Tropical Cyclone Yasi

  • Tropical Cyclone Yasi
    07.02.2011 11:08


    Towns across Queensland were picking up the pieces on Thursday after their encounter with Severe Tropical Cyclone Yasi, the most powerful cyclone to hit the east coast of Australia since 1918.

    Yasi made landfall at MissionBeach on Queensland’s north-east coast around midnight local time as a dangerous category 5 storm on the Saffir Simpson Scale, which measures cyclones on a scale of 1 to 5 based on their intensity. The 300km-wide storm brought winds of up to 180mph and waves up to 9m high, leaving a trail of destruction along a stretch of coast home to more than 400,000 people. Major storm surges and torrential downpours accompanied the winds, with 24 hour rainfall exceeding 300mm in a state still reeling from last month’s devastating flooding.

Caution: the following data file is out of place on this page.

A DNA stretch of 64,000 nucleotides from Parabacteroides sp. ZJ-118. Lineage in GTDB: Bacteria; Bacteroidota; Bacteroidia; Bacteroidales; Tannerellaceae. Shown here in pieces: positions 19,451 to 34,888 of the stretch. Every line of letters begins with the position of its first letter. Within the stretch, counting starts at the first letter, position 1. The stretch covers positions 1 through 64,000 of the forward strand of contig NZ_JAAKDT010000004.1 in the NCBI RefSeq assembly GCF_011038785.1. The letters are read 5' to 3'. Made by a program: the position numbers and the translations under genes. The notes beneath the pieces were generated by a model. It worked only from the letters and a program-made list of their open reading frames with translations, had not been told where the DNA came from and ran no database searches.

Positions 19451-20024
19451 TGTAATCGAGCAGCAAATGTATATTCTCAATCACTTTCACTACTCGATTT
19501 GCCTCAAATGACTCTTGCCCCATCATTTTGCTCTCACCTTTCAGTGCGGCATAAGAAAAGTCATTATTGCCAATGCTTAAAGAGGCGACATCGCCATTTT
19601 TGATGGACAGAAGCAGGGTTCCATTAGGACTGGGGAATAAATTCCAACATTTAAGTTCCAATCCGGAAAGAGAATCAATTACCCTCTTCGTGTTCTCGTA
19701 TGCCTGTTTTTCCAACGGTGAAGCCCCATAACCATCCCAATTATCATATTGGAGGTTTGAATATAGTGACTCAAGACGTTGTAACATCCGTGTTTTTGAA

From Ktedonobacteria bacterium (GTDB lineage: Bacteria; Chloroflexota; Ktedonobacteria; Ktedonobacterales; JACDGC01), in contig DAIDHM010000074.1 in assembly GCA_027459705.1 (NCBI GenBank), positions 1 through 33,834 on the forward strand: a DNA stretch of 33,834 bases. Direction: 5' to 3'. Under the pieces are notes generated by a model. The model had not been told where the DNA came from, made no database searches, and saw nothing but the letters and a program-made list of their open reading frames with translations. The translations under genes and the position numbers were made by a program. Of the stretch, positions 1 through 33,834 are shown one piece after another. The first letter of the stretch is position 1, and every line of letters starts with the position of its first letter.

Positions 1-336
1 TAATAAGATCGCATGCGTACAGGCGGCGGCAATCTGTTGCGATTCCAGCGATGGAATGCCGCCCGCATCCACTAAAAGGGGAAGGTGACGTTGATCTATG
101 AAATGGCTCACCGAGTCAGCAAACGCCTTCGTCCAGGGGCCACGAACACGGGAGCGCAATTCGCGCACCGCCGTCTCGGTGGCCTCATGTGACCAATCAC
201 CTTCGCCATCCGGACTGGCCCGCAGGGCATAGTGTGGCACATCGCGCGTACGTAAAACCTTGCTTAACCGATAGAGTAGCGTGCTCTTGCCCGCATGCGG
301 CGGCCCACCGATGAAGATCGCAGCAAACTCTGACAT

The high winds toppled trees, cut power to around 200,000 properties, and severely damaged thousands of homes. Among the worst affected towns has been Tully, where one in three homes has either been destroyed or had roofs ripped off, and authorities have reported extensive damage to 90% of the main street. The damage is expected to cost insurers AUS $3.5 billion. Agriculture has also suffered heavily; losses to Queensland’s sugar industry, the world’s third largest exporter, are expected to top AUS $500 million. An estimated 90% of the banana crop has also been wiped out.

    Despite the havoc wrought by Yasi, no deaths or serious injuries have yet been attributed to the storm, perhaps due to days of preparation and early evacuations. 35,000 people were officially evacuated in the region from Cairns to Townsville. Over 10,000 sought refuge in shelters, while others caught the last flights out of Cairns and Townsville airports.

    Yasi was downgraded to a tropical low late Thursday as it continued on its south-westward track across Queensland, although heavy rains and damaging wind gusts remained a threat to vast areas of the state.

    By: Billy Payne